March 6, 2021

Green Column: Trains That Run Like, and on, the Wind

Deutsche Bahn says it wants to raise the percentage of wind, hydro and solar energy used in powering its trains from 20 percent now to 28 percent in 2014 and to become carbon-free by 2050 — targets that exceed the German government’s already ambitious national goals.

“Consumers in Germany have made it clear they want us all to get away from nuclear energy and to more renewable energy,” said Hans-Jürgen Witschke, chief executive of Deutsche Bahn Energie, which supplies electricity for trains in Germany.

“It’s what customers want, and we’re making it happen,” Mr. Witschke said in an interview. “The demand for green electricity keeps rising each year, and that’ll continue.”

Prevailing attitudes in Germany were already decidedly green before the accident at the Fukushima Daiichi nuclear complex in Japan set off by the March 11 earthquake and tsunami.

After the nuclear crisis in Japan, the Berlin government abruptly reversed course on nuclear power, shutting eight nuclear plants and vowing to close the other nine by 2022.

That caught Deutsche Bahn — and German industry — off guard. The state-owned railroad had relied heavily on nuclear energy. But now the public and industry are increasingly attuned to sustainability and to what companies are doing, Mr. Witschke said.

“Environmental protection has become an important issue in the marketplace and especially in the transport sector,” he said. “Even though more renewables will cost a bit more, that can be contained with an intelligent energy mix and reasonable time frame. We’re confident that cutting CO2 emissions will give us a competitive advantage.”

There are still concerns about the reliability of renewables as their share rises toward 100 percent and before more storage capacity is available. What happens when there is no wind or sunshine?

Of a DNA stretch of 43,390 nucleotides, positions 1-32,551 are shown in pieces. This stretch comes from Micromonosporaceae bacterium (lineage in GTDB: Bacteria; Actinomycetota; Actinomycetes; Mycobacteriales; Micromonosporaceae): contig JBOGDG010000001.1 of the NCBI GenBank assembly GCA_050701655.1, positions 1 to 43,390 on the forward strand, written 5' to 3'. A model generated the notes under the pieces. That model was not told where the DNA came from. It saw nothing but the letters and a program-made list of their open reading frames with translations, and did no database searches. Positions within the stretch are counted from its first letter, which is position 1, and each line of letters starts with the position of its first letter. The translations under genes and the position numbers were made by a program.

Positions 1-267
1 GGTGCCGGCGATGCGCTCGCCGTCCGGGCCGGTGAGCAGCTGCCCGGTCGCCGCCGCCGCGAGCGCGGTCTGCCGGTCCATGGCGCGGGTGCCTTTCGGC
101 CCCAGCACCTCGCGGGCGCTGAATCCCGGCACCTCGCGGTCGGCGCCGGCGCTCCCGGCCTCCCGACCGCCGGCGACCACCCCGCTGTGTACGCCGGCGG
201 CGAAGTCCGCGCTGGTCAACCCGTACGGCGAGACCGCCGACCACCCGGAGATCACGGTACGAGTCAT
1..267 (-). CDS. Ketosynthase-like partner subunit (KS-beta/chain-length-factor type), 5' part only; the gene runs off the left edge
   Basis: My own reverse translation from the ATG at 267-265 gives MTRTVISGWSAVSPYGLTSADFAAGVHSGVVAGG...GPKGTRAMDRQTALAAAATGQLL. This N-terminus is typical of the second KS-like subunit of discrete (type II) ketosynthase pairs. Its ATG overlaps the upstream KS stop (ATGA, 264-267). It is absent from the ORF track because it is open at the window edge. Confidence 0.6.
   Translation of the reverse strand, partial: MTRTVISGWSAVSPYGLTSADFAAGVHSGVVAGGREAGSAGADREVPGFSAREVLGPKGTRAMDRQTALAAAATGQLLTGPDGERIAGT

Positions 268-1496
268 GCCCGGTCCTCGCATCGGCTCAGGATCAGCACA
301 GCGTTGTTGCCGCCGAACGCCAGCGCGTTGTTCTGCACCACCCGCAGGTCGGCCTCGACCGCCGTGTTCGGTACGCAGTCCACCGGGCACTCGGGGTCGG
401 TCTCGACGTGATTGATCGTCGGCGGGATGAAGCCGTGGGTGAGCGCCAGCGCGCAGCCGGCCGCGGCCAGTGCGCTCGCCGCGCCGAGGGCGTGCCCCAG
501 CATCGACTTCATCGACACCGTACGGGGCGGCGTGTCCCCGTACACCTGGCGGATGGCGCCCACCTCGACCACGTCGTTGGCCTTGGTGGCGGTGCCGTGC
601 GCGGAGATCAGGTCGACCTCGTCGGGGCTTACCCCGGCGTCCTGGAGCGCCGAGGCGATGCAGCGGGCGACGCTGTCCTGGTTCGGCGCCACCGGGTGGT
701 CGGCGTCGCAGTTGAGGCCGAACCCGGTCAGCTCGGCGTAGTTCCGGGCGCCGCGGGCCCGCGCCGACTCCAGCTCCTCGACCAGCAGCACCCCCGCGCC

Some transportation industry analysts are skeptical.

“It sounds like a bit of ‘greenwashing,”’ said Stefan Kick, an analyst at Silvia Quandt Research, a Frankfurt brokerage. “Obviously, costs for renewable energy are going to be higher. Yet if customers are truly willing to pay, it could make sense.”

The railroad’s new push for a larger share of renewable energy to operate trains that transport 1.9 billion passengers and 415 million tons of freight each year has won applause from environmental groups.

They have cheered Deutsche Bahn’s partnerships with wind and hydroelectric power suppliers and its exploratory moves into harvesting solar power from the roofs of its 5,700 stations.

Photovoltaic panels in the spectacular glass roof of the Hauptbahnhof, the main station in Berlin, produce 160,000 kilowatt-hours of electricity a year — about 2 percent of the station’s needs.

Previously, environmentalists had accused the company of neglecting to develop renewables on its vast properties because of its heavy reliance on nuclear power.

Peter Ahmels, a renewable energy specialist at the German Environmental Aid Association, said the railroad could have done more with wind and solar on its property holdings.

Instead, he said Deutsche Bahn had relied complacently on its image as a low-emission mode of transport. Even high-speed trains, which zip across the country at as much as 300 kilometers, or 185 miles, per hour, have carbon emissions of 46 grams per passenger per kilometer, or about 2.6 ounces per passenger per mile, compared with an average of 140 grams for cars and 180 for planes.

“Since Fukushima, Deutsche Bahn has been moving in the right direction,” Mr. Ahmels said. “There’s clearly a new thinking on the board. They’re doing sensible things. Before, they resisted. The argument was that renewables were not their core business.”

By 2014, the railroad wants a third of the electricity for long-distance trains to come from renewable sources.

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